Cultural Hot-Spots in America’s Small Towns

The old 1920s song famously asked:  “How can you keep ‘em down on the farm after they’ve seen Paris?”  This question has always challenged rural leaders who know that the charms of small town life also mean doing without the cultural amenities of the big city.  Fortunately, this dilemma seems to be weakening thanks to the power of the Internet and social media, and the emergence of many small towns as cultural hot spots in their own right.

Smithsonian magazine recently published an interesting list of what they are calling “The Best Small Towns in America,” but what is really a listing of small towns with the greatest density and variety of cultural amenities.  I’ve pasted the full list below.

  • Great Barrington, MA
  • Taos, NM
  • Red Bank, NJ
  • Mill Valley, CA
  • Gig Harbor, WA
  • Durango, CO
  • Butler, PA
  • Marfa, TX
  • Naples, FL
  • Staunton, VA
  • Brattleboro, VT
  • Princeton, NJ
  • Brunswick, ME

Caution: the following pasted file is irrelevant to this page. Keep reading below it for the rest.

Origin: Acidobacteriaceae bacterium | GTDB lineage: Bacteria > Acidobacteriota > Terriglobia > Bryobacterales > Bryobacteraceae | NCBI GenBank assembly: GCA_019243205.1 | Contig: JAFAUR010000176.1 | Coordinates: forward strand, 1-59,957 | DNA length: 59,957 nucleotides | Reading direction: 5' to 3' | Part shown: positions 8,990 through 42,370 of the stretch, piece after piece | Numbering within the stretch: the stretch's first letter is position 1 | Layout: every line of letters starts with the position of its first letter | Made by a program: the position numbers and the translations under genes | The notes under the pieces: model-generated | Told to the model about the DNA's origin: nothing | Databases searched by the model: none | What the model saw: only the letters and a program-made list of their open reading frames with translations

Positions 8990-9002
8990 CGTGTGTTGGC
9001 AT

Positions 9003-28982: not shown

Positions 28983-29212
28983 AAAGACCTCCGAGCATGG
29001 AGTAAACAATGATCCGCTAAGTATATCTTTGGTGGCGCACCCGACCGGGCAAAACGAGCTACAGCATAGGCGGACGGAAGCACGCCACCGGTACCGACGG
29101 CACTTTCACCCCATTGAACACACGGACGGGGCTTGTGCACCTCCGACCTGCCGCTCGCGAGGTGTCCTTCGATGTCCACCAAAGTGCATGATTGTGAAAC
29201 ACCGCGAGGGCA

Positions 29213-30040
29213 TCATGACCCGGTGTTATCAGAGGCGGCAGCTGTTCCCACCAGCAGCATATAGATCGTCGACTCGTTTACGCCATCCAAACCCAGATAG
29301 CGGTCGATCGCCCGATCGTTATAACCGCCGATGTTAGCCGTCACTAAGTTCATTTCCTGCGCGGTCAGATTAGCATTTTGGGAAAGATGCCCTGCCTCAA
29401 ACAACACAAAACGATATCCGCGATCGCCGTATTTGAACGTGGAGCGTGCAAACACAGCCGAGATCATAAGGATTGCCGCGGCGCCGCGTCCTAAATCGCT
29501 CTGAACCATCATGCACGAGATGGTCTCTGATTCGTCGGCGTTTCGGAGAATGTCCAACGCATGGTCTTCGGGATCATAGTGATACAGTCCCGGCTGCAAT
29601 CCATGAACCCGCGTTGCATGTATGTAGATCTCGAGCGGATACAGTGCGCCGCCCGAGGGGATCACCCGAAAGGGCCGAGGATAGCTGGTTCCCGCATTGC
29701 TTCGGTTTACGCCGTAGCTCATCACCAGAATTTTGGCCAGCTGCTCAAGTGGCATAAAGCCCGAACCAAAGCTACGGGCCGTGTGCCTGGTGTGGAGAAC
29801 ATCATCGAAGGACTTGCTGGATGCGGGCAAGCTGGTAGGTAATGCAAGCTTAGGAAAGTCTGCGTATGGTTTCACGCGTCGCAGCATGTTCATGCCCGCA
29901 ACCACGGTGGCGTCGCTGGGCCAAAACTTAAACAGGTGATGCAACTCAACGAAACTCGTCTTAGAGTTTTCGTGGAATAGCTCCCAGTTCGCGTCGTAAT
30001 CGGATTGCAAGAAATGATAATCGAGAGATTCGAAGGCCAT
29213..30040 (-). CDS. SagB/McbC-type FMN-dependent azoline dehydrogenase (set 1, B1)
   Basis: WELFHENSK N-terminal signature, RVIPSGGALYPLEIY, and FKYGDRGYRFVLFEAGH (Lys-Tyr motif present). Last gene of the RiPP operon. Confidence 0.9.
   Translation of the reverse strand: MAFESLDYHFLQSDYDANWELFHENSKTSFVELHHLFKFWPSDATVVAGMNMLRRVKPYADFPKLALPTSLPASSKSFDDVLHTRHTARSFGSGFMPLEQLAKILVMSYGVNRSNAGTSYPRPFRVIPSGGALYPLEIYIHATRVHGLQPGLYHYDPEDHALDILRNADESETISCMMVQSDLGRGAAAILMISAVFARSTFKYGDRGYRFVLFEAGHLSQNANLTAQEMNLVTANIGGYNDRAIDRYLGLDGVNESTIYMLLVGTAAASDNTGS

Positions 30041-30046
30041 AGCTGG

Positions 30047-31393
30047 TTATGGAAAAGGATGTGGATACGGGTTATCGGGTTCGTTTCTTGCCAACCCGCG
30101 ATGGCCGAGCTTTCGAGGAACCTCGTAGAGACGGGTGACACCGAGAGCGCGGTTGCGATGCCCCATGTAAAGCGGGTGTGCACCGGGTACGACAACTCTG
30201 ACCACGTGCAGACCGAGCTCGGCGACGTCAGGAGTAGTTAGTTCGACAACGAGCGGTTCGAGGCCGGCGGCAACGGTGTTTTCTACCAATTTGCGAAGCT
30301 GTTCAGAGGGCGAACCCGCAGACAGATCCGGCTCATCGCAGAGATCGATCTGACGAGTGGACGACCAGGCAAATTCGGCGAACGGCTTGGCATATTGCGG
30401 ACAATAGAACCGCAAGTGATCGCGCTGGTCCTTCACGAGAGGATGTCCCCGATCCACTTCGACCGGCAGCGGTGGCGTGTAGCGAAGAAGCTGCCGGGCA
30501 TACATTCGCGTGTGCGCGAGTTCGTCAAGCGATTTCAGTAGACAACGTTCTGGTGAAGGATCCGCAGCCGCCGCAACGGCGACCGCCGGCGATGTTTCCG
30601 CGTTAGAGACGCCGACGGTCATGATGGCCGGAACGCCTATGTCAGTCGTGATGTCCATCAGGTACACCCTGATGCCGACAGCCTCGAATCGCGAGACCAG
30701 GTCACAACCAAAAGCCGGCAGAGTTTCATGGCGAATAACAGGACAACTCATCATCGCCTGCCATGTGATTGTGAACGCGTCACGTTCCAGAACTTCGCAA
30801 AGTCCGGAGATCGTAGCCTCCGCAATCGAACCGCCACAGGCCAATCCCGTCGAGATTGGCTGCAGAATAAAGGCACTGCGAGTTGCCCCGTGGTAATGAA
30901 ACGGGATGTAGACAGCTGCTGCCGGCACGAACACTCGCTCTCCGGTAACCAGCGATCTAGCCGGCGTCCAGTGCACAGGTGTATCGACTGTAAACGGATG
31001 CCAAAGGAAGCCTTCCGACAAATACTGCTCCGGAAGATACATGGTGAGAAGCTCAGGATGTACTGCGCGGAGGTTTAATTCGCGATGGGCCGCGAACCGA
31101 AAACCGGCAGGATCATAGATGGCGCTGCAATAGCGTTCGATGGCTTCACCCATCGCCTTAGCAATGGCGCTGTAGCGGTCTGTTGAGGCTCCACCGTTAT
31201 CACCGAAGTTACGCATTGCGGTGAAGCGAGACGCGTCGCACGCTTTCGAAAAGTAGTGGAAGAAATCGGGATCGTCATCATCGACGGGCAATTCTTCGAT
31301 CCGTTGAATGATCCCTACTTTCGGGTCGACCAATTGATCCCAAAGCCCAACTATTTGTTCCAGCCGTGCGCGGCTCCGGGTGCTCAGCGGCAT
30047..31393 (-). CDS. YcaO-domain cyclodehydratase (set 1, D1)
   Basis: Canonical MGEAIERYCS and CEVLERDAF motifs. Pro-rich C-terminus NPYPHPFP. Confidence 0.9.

• Siloam Springs, AR
  • Menomonie, WI
  • Key West, FL
  • Laguna Beach, CA
  • Ashland, OR
  • Beckley City, WV
  • Oxford, MS

I’ve had the pleasure of visiting most of these communities, and they are all wonderful places.  What do they all share in common?  They tend to be home to college or university campus (e.g. Old Miss in Oxford; Bowdoin in Brunswick), they host a major art venue or event (Marfa’s Chinati Foundation or Ashland’s Oregon Shakespeare Festival), and have relative proximity to larger metro areas.  But it’s not all top-down and focused on anchor arts institutions.  Most of these communities are also home to a thriving grass roots arts scene, with strong support organizations and a connected community of artists.   Some of these towns are thriving, but many still have struggling local economies.  Yet, they all recognize that the arts offer one means to attract outside investments and visitors, while also creating a better quality of life for local residents.

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